Important Message about LEARN NC

LEARN NC is evaluating its role in the current online education environment as it relates directly to the mission of UNC-Chapel Hill School of Education (UNC-CH SOE). We plan to look at our ability to facilitate the transmission of the best research coming out of UNC-CH SOE and other campus partners to support classroom teachers across North Carolina. We will begin by evaluating our existing faculty and student involvement with various NC public schools to determine what might be useful to share with you.

Don’t worry! The lesson plans, articles, and textbooks you use and love aren’t going away. They are simply being moved into the new LEARN NC Digital Archive. While we are moving away from a focus on publishing, we know it’s important that educators have access to these kinds of resources. These resources will be preserved on our website for the foreseeable future. That said, we’re directing our resources into our newest efforts, so we won’t be adding to the archive or updating its contents. This means that as the North Carolina Standard Course of Study changes in the future, we won’t be re-aligning resources. Our full-text and tag searches should make it possible for you to find exactly what you need, regardless of standards alignment.

These teaching suggestions are designed to help fourth-grade teachers discuss the article “A Little Kingdom in Carolina” with students.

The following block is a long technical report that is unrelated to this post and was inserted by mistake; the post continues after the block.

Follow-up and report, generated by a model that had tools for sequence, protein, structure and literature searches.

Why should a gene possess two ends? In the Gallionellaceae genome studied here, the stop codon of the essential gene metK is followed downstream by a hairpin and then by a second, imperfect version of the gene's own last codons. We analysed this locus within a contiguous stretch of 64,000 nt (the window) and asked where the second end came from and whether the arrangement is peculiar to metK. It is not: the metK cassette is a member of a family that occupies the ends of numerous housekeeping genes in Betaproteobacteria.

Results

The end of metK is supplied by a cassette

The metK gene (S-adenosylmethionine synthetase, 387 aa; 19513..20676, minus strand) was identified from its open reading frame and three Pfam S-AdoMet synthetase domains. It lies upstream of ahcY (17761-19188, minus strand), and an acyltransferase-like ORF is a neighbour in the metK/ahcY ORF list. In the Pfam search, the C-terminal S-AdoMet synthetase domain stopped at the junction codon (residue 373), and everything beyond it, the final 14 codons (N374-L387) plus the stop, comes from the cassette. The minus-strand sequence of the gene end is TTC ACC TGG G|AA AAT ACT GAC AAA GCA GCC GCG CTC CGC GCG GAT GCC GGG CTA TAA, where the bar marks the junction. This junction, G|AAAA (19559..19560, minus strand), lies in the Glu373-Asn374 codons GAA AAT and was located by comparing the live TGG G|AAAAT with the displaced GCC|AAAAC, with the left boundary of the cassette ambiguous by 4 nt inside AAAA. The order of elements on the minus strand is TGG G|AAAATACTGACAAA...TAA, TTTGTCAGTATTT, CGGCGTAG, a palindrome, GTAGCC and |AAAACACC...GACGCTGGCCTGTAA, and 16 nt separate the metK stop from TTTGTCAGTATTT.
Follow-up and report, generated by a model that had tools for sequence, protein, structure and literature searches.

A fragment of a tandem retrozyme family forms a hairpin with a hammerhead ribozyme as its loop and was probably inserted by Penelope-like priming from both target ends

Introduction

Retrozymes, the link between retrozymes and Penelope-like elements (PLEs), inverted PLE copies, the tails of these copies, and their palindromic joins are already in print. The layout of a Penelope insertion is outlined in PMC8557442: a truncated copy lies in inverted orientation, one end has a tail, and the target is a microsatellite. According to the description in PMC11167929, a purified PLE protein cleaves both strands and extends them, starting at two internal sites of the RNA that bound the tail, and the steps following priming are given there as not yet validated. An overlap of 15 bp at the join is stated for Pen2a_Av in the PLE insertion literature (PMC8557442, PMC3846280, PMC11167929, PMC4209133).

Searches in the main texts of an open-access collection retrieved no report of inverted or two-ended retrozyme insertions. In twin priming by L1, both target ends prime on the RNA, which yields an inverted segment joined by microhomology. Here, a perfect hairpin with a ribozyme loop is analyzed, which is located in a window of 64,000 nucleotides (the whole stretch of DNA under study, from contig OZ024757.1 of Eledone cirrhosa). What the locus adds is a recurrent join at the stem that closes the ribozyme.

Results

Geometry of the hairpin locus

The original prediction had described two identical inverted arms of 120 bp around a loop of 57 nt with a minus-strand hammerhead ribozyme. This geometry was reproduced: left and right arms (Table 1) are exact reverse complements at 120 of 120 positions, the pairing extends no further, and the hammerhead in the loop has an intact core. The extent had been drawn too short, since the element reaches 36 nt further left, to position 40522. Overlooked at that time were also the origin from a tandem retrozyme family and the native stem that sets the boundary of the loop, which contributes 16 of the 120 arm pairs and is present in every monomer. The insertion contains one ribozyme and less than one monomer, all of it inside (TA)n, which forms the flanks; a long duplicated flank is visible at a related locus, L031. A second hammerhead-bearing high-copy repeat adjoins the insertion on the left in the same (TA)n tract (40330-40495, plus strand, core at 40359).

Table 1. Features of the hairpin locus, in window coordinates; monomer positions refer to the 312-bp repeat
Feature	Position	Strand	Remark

• Before students begin reading use the anticipation guide for this article, which will support student comprehension. The guide will also provide the teacher with a sense of which concepts in the article students may have difficulty understanding.
  • As students read, have them take notes of things they think are important and/or things they don’t understand.
  • For more information have students check out these sources:
  • Students will encounter a number of vocabulary terms during the reading: Protestant, Catholics, religious freedom, persecution, monarchy, parliament, Puritans, Commonwealth, dictator, indentured servants, proprietary colony, feudal system. Discuss the words while reading as a class. Encourage students to use context clues to determine the words’ definitions. You could also post the words in the classroom so students can see them and take note of them while reading.
  • Questions to consider while reading the article divided by section.
    • Virginia on its own:
      • What were the two changes that led to the first permanent white settlements in North Carolina?
      • What caused Virginians to move away?
    • Turning back the clock in Carolina:
      • How did the area where we live get the name Carolina?
      • How did the Lords Proprietor expect to make money from the new land?
    • Trouble from the start:
      • Why do you think the Lords Proprietors had more difficulty running the colony than they had originally thought?

  • North Carolina Essential Standards
    • Social Studies (2010)
      • Grade 4

        • 4.H.1 Analyze the chronology of key historical events in North Carolina history. 4.H.1.1 Summarize the change in cultures, everyday life and status of indigenous American Indian groups in North Carolina before and after European exploration. 4.H.1.2 Explain...
        • 4.H.2 Understand how notable structures, symbols and place names are significant to North Carolina. 4.H.2.1 Explain why important buildings, statues, monuments and place names are associated with the state's history. 4.H.2.2 Explain the historical significance...

North Carolina curriculum alignment

Social Studies (2003)

Grade 4

  • Goal 3: The learner will trace the history of colonization in North Carolina and evaluate its significance for diverse people's ideas.
    • Objective 3.02: Identify people, symbols, events, and documents associated with North Carolina's history.